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Lynn Andriani (187 posts)
FOOD52 Holiday Recipe & Survival Guide, $9.99 for iPad.
This app, spun off of the crowd-sourced site Food52, has 75 recipes for Christmas, Hanukkah and New Year's, 100 minutes of video tutorials, plus extras like step-by-step photos of zesting, peeling and segmenting citrus; rules for reheating food; and a dish-washing game plan.
Baking with Dorie, $7.99 for iPad.
Cookbook author Dorie Greenspan gives more than 20 baking lessons via 100-plus videos in this app that's as useful as it is beautiful to look at. Learn how to make Dorie's All-in-One Holiday Bundt Cake (with pumpkin, cranberries, pecans and a maple syrup icing), Cinnamon Squares and more cold-weather treats.
Grocery iQ, free for Android, iPhone and iPad.
This app lets you build your food shopping list quickly by scanning the barcode for any product, or via predictive text (and its database contains millions of food items). You can create lists for multiple stores, sort your list by aisle, and find coupons for items you're shopping for.
Polka-Dot Garland, $18. Crisp circles of paper in alternating shades of green dangling on cotton string can perk up any space: A corner in your bedroom, the bar you set up for your holiday party, that space in the garage right above your car’s windshield....
“Oh No! Not You Again” Doormat, $30. Is your inner Scrooge starting to make his presence known? Let it all hang out with this misanthropic doormat.
Fancy Marshmallows, 9 for $10. These marshmallows have no business acting as an accompaniment to hot chocolate; with flavors like chai spice, roasted pineapple and pumpkin pie, they deserve a bowl of their own.
Moustache Bottle Stopper, $18. On this last day of Movember, punctuate your tabletop with this glossy stoneware stopper.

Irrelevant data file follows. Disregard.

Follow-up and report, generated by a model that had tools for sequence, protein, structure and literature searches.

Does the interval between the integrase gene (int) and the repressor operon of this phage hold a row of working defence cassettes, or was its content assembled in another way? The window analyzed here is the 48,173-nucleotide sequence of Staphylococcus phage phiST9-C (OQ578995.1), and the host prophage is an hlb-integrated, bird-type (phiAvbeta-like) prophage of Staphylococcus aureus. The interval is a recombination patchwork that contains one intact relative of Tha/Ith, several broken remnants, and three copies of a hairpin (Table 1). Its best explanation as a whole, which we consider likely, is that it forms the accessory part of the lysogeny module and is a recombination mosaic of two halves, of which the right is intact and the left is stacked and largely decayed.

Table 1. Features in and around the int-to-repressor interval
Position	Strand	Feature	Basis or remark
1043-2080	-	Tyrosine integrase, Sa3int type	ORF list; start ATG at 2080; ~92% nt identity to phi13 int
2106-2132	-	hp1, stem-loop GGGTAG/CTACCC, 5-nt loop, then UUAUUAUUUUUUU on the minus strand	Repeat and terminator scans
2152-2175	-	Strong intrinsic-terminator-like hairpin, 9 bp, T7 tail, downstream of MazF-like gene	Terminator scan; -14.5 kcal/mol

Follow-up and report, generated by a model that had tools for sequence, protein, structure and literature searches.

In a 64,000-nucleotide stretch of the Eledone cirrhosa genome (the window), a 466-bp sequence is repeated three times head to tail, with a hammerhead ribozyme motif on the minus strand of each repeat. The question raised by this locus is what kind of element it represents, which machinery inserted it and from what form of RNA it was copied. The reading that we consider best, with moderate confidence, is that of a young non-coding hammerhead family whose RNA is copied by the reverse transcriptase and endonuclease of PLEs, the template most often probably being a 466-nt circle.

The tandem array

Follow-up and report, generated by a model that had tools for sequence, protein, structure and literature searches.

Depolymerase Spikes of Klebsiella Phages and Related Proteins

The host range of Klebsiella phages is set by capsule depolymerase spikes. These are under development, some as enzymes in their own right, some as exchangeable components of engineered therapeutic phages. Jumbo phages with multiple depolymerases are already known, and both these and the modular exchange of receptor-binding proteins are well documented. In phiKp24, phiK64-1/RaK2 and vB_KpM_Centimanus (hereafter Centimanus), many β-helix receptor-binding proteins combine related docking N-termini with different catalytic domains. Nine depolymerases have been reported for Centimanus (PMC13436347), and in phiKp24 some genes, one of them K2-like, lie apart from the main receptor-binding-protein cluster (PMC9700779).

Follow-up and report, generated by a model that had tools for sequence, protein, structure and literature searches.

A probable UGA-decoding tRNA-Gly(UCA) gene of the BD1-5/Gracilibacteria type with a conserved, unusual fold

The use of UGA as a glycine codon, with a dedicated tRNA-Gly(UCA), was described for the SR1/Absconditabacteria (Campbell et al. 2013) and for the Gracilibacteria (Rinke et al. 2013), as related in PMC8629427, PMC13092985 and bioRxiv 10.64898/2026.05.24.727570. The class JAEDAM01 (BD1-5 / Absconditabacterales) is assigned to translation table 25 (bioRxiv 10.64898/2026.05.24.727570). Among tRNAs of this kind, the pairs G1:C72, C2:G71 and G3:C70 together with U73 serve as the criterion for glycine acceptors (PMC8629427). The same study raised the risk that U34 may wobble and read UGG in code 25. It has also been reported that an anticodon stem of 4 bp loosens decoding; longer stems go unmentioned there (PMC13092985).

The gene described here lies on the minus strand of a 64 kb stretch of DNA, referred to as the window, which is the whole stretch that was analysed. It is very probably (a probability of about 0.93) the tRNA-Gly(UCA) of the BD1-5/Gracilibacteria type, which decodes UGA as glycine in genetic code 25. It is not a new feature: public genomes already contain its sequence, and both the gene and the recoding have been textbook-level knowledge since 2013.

Frasier Fir All-Purpose Surface Cleaner, $9. Spritz away dirt and get an aromatic lift from the scent of Siberian Fir needles, cedarwood and sandalwood.
1. Sea Scallops with Orange and Rosemary
Low-calorie scallops and high-vitamin OJ combine in this fancier-than-your-average-Tuesday-night dish.
2. Lisa Oz's Lentils with Chia Seeds Recipe
Aromatics and herbs transform vegetables from simple to spectacular.
3. Mango Chicken Salad
This simple salad lets the fresh, sweet flavor of mangoes shine through.
4. Low-Fat Spaghetti Carbonara Pasta with Peas
Thanks to the low-fat milk in this recipe, you won't come away from the table feeling like you overdid it.
5. Moroccan Chicken Over Couscous
This is one of those back-pocket recipes you can take in any direction: Our instructions explain how to make it Italian, Indian or Chinese.
6. Miso Salmon with Cucumber Salad
Broiling salmon in miso, mirin and soy sauce keeps it moist and imparts salty-sweet flavor.
7. Double-Soy Ginger Tofu
Humble bean curd is actually incredibly delicious. With rice and a salad, or some nice green vegetable, this makes a more-than-satisfying dinner.
8. Curry Carrot Ginger Soup